All right, stop me if you've heard this one as well:  A gigantic mobile space platform has a weapon capable of destroying an entire planet. The leader of the evil forces threatens destruction on an innocent galaxy, smashing all resistance. A young farm boy, guided by an aged mentor figure, learns his own capabilities for war as he becomes part of a ragtag group of starship pilots that make a suicidally brave run on the planet-killing battle station, destroying it at the last moment and freeing the galaxy from tyranny--or at least this particular source of tyranny.

See what I mean? At this point in his production career, even Corman's ripoffs were aiming high. And this was the most expensive movie he'd produced, since he knew that you have to spend a little bit of cash on production values if you're making an epic. In keeping with his reputation as Hollywood's greatest talent scout, Corman also had a secret weapon--a young James Cameron used this film as his foot in the door to moviemaking; he was hired to build model spaceships and wound up more or less singlehandedly building all the spaceship sets and effects sequences (some of the other model makers on this movie have gone on to work for Cameron on his massive-budget spectacles; more Corman alumni working in A pictures).

On the planet Akir (its inhabitants are called the Akira, and I'm embarrassed to say I didn't notice that was a reference to Kurosawa the first three times I saw this movie), the peaceful farmers who till the only fertile soil on the globe get a hell of a shock when their manned weather-monitoring satellite is vaporized by a gigantic warship and a huge blue hologram of John Saxon's head gives them an ultimatum:  Join his planetary empire (he needs food for his troops, and Akir has crops) or he'll use a stellar converter to turn Akir into a dwarf sun--which would kill every living thing on the planet, down to and including bacteria. Sador, the tyrant, says he'll give them a week to think it over and laser-blasts a few Akira from orbit to show that they don't have a chance. He takes his gigantic spaceship and leaves for another planet that he's gonna go bully.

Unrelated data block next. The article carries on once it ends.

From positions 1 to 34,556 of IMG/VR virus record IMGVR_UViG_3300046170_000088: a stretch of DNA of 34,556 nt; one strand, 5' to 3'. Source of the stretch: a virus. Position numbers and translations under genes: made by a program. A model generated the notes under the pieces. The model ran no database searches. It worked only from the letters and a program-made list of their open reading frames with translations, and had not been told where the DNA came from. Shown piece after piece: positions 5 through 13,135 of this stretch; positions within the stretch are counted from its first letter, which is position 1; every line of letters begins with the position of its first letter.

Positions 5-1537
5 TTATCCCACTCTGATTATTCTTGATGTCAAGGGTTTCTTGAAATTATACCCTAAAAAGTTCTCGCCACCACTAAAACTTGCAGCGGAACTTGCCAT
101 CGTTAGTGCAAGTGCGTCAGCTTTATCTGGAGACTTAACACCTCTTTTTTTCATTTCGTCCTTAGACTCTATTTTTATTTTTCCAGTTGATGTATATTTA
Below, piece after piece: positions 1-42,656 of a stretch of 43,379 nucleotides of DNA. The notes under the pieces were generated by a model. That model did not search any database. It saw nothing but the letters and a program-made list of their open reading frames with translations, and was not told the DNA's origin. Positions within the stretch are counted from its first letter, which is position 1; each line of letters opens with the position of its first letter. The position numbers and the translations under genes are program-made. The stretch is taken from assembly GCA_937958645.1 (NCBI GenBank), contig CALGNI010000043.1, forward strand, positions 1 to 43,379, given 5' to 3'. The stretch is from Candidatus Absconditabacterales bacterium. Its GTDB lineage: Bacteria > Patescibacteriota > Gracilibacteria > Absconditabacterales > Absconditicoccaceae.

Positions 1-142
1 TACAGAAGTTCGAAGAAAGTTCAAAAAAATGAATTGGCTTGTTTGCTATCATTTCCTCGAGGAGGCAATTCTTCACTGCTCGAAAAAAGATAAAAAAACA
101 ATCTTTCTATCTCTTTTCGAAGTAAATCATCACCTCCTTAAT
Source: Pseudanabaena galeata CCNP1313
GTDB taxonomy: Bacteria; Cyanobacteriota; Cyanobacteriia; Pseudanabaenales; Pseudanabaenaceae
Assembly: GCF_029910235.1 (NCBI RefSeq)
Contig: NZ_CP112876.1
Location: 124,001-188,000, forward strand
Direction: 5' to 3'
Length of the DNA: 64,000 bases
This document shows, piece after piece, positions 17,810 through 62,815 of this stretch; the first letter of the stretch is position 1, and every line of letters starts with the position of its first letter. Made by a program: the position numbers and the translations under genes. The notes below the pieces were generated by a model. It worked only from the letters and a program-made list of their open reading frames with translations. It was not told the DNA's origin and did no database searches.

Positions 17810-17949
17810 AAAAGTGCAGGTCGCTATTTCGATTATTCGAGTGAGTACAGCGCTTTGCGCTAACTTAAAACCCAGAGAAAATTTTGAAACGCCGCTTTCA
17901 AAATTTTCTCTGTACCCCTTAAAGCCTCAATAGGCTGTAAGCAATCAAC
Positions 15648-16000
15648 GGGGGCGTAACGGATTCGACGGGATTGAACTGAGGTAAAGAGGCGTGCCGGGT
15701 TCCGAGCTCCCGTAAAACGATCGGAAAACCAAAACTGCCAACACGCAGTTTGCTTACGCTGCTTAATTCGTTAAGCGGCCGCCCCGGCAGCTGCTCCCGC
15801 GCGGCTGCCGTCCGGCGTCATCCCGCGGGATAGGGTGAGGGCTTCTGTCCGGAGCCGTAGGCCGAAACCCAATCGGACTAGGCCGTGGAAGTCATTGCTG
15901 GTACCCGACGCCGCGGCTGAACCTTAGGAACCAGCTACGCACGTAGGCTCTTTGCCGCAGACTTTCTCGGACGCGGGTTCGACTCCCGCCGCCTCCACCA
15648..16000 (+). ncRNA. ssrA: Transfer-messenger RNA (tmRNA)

On Akir, a desperate plan is hatched. They have one spaceship, owned by the only Akira to have ever fought in a war--an old man named Zed who is too old and blind to pilot it any more. Shad, a farmboy turning into a farm man, says the AI that runs the ship's systems trusts him and that he's flown it before. He can go out into the universe and find warriors capable of putting up resistance against Sador's fleet and save Akir (and every other planet in Sador's nascent empire, while he's at it). The debate about what to do is guided by references to "the Varda", a collection of pacifist and Eastern-sounding philosophical commands. They eventually decide that capitulation is unacceptable and Shad will go find violent lifeforms to fight for them, hoping that when the present crisis has been resolved, their planet hasn't been turned into plasma and the mercenaries can be persuaded to leave (or, if they're going to stay, not to turn their violent natures on the Akira).